So I had a few SharePoint lists that I needed to pull down into the gadget. I made the choice to use the client-side API for SharePoint 2010 to query for the items. I then created my own (cleaner) XML representation of those items that I stored in isolated storage. Since there were three lists, this resulted in 3 XML files in isolated storage. I'm not doing anything fancy like only looking for updated items on a sync. Since there isn't a tremendous amout of data, I just retrieve all of the items. Here are some code snippets for one of the lists. By the way, I am doing all of this at the App object level of the solution.

public partial class App : Application
{
 public const string STUSPECIALTIES_ISOLATED_FILE_NAME = "STUSpecialties.xml";
 public const string SITEURL = "
http://sharepoint/siteurl";
 
public static XmlDataDocument StuSpecialties = null;
 public static IsolatedStorageFile isoStore = null;

 public static void InitData()
 {
   //try to retrieve from storage
   isoStore = IsolatedStorageFile.GetStore(IsolatedStorageScope.User | IsolatedStorageScope.Assembly, null, null);

   EstablishStuSpecialtiesData();

 }

Here we see if there is already a file in isolated storage and if so retrieve it. Otherwise, start querying the SharePoint site.

private static void EstablishStuSpecialtiesData()
{
  string[] fileNames = isoStore.GetFileNames(STUSPECIALTIES_ISOLATED_FILE_NAME);
  bool isFound = false;

  foreach (string file in fileNames)
  {
     if (file == STUSPECIALTIES_ISOLATED_FILE_NAME)
     {
        isFound = true;
     }
  }
  if (isFound)
  {
     //read from Isolated Storage
     IsolatedStorageFileStream iStream = new IsolatedStorageFileStream(STUSPECIALTIES_ISOLATED_FILE_NAME, System.IO.FileMode.Open, isoStore);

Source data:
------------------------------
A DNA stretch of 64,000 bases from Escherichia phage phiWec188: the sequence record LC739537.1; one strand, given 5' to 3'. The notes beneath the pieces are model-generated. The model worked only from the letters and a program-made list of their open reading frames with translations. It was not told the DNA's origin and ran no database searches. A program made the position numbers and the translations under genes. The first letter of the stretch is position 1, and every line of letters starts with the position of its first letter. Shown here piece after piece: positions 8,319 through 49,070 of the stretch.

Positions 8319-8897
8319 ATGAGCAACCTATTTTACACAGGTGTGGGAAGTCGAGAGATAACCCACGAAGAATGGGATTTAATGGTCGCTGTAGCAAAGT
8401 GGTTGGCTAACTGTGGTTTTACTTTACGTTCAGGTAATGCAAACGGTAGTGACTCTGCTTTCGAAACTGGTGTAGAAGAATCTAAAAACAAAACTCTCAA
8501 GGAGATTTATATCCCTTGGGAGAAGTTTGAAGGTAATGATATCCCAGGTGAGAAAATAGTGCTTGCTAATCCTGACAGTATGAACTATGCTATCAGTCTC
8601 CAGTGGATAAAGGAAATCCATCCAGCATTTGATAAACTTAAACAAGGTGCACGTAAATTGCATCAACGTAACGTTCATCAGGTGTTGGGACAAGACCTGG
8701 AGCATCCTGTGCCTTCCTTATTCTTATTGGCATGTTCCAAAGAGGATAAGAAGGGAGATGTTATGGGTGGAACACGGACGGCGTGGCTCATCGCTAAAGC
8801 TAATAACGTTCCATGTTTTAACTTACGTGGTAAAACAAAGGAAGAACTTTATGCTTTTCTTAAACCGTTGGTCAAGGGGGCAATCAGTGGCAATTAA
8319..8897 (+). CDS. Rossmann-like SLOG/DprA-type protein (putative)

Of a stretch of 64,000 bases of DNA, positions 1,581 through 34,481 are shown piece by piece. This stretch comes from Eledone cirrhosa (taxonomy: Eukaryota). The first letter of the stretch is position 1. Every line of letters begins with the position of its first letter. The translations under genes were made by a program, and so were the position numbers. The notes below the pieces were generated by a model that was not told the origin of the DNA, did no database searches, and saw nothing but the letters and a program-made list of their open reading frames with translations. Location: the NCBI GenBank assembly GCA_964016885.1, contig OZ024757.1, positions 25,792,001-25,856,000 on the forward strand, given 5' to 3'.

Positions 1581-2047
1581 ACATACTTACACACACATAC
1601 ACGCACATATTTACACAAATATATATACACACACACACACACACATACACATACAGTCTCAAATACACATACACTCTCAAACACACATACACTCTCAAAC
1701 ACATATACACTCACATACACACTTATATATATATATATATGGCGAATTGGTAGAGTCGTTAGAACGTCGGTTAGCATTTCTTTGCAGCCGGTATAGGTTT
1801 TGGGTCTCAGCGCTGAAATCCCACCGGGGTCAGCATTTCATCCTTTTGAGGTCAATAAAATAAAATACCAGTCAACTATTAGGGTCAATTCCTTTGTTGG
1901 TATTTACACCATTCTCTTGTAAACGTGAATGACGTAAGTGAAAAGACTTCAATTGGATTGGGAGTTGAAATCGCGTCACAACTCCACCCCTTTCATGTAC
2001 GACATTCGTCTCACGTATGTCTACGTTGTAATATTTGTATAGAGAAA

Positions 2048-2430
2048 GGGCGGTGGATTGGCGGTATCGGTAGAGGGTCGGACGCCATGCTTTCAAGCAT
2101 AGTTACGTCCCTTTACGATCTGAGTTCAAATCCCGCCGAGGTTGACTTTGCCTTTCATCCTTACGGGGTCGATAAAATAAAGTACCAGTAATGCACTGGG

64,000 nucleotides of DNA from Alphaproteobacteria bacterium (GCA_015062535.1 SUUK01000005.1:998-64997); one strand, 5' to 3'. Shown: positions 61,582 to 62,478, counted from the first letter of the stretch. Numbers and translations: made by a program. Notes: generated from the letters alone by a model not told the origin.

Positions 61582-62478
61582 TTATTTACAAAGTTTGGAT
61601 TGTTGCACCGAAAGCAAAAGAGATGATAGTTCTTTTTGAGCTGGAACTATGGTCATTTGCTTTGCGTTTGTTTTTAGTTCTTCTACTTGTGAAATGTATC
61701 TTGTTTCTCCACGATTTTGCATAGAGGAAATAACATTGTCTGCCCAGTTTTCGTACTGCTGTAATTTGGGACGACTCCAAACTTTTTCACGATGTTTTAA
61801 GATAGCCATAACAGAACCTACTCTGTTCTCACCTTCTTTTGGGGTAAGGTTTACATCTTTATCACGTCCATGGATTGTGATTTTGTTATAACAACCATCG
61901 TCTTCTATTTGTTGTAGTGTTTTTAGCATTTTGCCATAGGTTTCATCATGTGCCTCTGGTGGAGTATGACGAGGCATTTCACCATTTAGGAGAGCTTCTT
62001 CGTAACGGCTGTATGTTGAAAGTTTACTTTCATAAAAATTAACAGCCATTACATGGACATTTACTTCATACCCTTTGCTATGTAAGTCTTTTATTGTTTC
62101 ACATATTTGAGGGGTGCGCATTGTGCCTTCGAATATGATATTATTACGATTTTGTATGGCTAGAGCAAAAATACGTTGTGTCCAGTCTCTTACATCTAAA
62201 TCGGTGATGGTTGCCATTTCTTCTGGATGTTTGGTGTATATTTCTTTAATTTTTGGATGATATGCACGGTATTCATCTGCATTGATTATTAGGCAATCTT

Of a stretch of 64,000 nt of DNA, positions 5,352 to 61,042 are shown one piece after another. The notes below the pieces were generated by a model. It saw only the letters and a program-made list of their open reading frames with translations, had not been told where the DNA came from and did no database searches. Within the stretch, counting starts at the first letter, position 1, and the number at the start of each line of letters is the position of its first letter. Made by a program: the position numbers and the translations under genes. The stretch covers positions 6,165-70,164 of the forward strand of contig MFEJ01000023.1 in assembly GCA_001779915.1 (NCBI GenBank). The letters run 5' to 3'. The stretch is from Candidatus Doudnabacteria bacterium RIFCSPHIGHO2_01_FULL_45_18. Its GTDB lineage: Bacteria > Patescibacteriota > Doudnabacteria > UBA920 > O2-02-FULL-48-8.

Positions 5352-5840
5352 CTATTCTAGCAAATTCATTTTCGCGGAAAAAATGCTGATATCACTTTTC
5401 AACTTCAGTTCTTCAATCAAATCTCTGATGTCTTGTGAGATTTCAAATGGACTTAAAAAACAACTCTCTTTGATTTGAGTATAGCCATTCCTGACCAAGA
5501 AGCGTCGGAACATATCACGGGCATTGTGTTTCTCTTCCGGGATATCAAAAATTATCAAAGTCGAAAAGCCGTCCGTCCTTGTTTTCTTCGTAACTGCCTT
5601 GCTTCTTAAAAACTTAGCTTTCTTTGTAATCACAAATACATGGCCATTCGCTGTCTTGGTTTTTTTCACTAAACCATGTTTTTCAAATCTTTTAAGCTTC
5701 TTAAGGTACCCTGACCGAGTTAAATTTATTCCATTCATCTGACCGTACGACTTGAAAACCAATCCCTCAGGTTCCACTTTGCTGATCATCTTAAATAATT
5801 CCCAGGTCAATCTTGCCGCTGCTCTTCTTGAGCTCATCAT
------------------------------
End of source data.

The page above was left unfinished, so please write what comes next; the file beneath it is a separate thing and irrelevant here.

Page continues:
StuSpecialties = new XmlDataDocument();
     StuSpecialties.Load(iStream);
  }
  else
  {
         
     RetrieveStuSpecialties();
  }    
 }

 And then here is the actual query part where I am using the client-side API.

public static void RetrieveStuSpecialties()
{
 //if not in storage - query SharePoint site
 bool success = QueryStuSpecialties();

 //and then store in isolated storage
 if (success)
 {
              
   IsolatedStorageFileStream oStream = new IsolatedStorageFileStream(STUSPECIALTIES_ISOLATED_FILE_NAME, System.IO.FileMode.Create, isoStore);
   XmlTextWriter writer = new XmlTextWriter(oStream, Encoding.UTF8);
   writer.WriteRaw(StuSpecialties.OuterXml);
   writer.Close();
 }
}
private static bool QueryStuSpecialties()
{
  using (SPClient.ClientContext ctx = new SPClient.ClientContext(SITEURL))
  {
    //query to get the list items
    SPClient.Web web = ctx.Web;
    SPClient.ListCollection coll = web.Lists;
    SPClient.List list = coll.GetByTitle("STU Info Specialties");
    SPClient.CamlQuery query = SPClient.CamlQuery.CreateAllItemsQuery();
    SPClient.ListItemCollection listItems = list.GetItems(query);

    ctx.Load(
       listItems,
       items => items
       .Include(
       item => item["ID"],
       item => item["Title"]));

   try
   {

       ctx.ExecuteQuery();

      //build XML representation of the results for storage and use
      StuSpecialties = new System.Xml.XmlDataDocument();
      XmlNode xml = StuSpecialties.CreateNode(XmlNodeType.XmlDeclaration, string.Empty, string.Empty);